“We are aware that the duties of the police carry a great deal of risk, but our police has shown that they have a moral calling and obligation to protect even foreigners suspected of serious crimes on Namibian soil,” said Mudabeti.

According to him, whereas the Botswana Police Service, the Botswana Defence Force (BDF) and Directorate of Intelligence Service (DIS) have “very low moral ethics, integrity, accountability and honesty, the Namibian security agencies has shown very high levels of ethical leadership in the discharge of their duties even under duress.”

He said Namibian’s anti poaching unit has exercised one very important value, that is, the use of force only when it is reasonable and necessary. Mudabeti said this is in harmony with international best practices as enshrined in Article 2 of the UN instrument on law enforcement conduct, “In the performance of their duty, law enforcement officials shall respect and protect human dignity and maintain and uphold the human rights of all persons.

Our police have protected the life of a Botswana poacher and accorded him dignity, which is very foreign to our Botswana counterparts,” he said. He said article 3 of the same instrument above, calls for Law enforcement officials to use force only when strictly necessary and to the extent required for the performance of their duty.

“This provision emphasizes that the use of force by law enforcement officials should be exceptional; while it implies that law enforcement officials may be authorized to use force as is reasonably necessary under the circumstances for the prevention of crime or in effecting or assisting in the lawful arrest of suspected offenders, no force going beyond that was used by our Police,” he said.

Furthermore, Mudabeti said, whereas the universally accepted norm of the law of proportionality ordinarily permits the use of force by law enforcement, it is to be understood that such principles of proportionality in no case should be interpreted to authorize the use of force which is disproportionate to the legitimate objective to be achieved.

“Our police have used force proportional to the situation at hand. Great work indeed! Article 6 urges law enforcement officials to ensure the full protection of the health of persons in their custody and, in particular, shall take immediate action to secure medical attention whenever required,” he said.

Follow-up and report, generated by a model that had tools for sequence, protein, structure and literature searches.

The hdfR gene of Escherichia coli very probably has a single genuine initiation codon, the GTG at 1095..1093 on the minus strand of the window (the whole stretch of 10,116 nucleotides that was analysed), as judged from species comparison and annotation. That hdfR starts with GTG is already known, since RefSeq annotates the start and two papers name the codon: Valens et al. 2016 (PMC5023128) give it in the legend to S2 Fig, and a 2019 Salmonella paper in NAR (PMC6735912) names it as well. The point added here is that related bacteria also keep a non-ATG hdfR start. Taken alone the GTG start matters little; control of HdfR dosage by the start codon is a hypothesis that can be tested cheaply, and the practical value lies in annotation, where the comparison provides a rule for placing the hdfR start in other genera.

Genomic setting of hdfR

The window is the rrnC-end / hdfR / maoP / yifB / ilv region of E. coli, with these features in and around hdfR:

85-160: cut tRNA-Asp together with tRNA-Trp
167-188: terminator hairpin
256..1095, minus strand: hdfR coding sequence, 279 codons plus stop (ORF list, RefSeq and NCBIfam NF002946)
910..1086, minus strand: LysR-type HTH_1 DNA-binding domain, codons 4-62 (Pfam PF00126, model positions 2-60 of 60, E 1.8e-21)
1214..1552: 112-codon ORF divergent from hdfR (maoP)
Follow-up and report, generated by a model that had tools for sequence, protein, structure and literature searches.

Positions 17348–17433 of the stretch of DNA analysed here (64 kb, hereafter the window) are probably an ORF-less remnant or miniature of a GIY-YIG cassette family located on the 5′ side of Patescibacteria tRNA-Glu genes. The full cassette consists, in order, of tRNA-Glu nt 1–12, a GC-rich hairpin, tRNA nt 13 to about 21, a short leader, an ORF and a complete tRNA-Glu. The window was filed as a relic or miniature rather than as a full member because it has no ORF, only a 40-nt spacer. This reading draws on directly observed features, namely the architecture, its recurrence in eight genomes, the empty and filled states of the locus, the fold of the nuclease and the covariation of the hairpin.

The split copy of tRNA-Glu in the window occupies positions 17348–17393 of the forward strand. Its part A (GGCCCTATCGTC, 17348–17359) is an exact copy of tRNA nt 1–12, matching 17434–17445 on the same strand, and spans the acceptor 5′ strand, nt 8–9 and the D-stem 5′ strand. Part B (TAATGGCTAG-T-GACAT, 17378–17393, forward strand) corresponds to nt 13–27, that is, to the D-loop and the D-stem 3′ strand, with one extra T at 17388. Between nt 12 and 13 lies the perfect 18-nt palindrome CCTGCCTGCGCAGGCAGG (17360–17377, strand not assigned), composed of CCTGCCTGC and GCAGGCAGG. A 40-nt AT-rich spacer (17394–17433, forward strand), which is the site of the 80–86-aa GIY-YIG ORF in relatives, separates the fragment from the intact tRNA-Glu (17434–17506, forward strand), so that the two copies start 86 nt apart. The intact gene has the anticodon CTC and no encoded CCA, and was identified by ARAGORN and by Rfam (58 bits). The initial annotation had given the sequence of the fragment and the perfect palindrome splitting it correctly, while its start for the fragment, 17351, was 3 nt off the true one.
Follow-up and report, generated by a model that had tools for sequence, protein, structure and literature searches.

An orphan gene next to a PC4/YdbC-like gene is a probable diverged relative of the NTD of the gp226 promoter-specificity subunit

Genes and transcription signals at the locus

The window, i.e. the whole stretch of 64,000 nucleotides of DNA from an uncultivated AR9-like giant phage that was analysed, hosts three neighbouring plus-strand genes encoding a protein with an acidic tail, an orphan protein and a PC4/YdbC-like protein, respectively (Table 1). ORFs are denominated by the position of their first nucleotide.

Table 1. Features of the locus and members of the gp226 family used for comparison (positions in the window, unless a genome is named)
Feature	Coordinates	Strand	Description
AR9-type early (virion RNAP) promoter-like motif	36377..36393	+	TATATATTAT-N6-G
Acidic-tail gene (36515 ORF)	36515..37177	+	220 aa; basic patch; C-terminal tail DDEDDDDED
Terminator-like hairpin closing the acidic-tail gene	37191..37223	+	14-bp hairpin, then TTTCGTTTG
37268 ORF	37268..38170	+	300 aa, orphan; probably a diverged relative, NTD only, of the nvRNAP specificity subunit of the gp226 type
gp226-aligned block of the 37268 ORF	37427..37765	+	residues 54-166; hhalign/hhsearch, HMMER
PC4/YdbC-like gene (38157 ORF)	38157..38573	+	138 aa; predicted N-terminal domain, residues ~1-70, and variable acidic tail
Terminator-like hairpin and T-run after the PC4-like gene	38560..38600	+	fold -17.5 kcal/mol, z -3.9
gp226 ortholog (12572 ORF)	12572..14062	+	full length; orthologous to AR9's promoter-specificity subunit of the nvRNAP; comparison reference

Mudabeti said the Botswana poacher was immediately taken to hospital whereas the Nchindo brothers who were captured on Namibian soil, beaten, tortured and executed while pleading to be taken to the hospital we left to die.

“The Namibian Doctor gave evidence in court that Sinvula Munyeme’s lungs showed signs of life (during the autopsy) and that he could have survived if he was accorded immediate medical assistance in time but was left to die while BDF soldiers looked and possibly ignored his cry for help,” he said.

Mudabeti said unlike in Botswana where there are no clear separation of powers between the BDF, Botswana Police Service, Department of Intelligence and their Directorate of Public Prosecutions,” we have a system that allows for checks and balances and allows our people and foreigners who are found on the wrong side of the law to be accorded the right to a fair trial.”

He said Botswana citizens are treated with dignity when apprehended in Namibia and not assaulted, tortured and executed. “We are a civilized country that respects international law in dealing with non-Namibian criminals. The Namibian Police have not mistreated the Botswana poacher but have given him the benefit of the doubt by allowing due processes of the law to be followed,” he said.

He added that, “We are a peace loving nation that has not repaid Botswana by the evil that Botswana has done to Namibia by killing more than 37 innocent and unarmed Namibians by the trigger happy BDF.” He concluded that, “Our acts of mercy in arresting Botswana citizens should never be mistaken for cowardice.”

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Gov’t, Unions clash over accommodation

28th June 2022
accomodation

The government has reportedly taken a decision to terminate provision of pool housing and subsidy for civil servants as it attempts to trim the public service wage bill.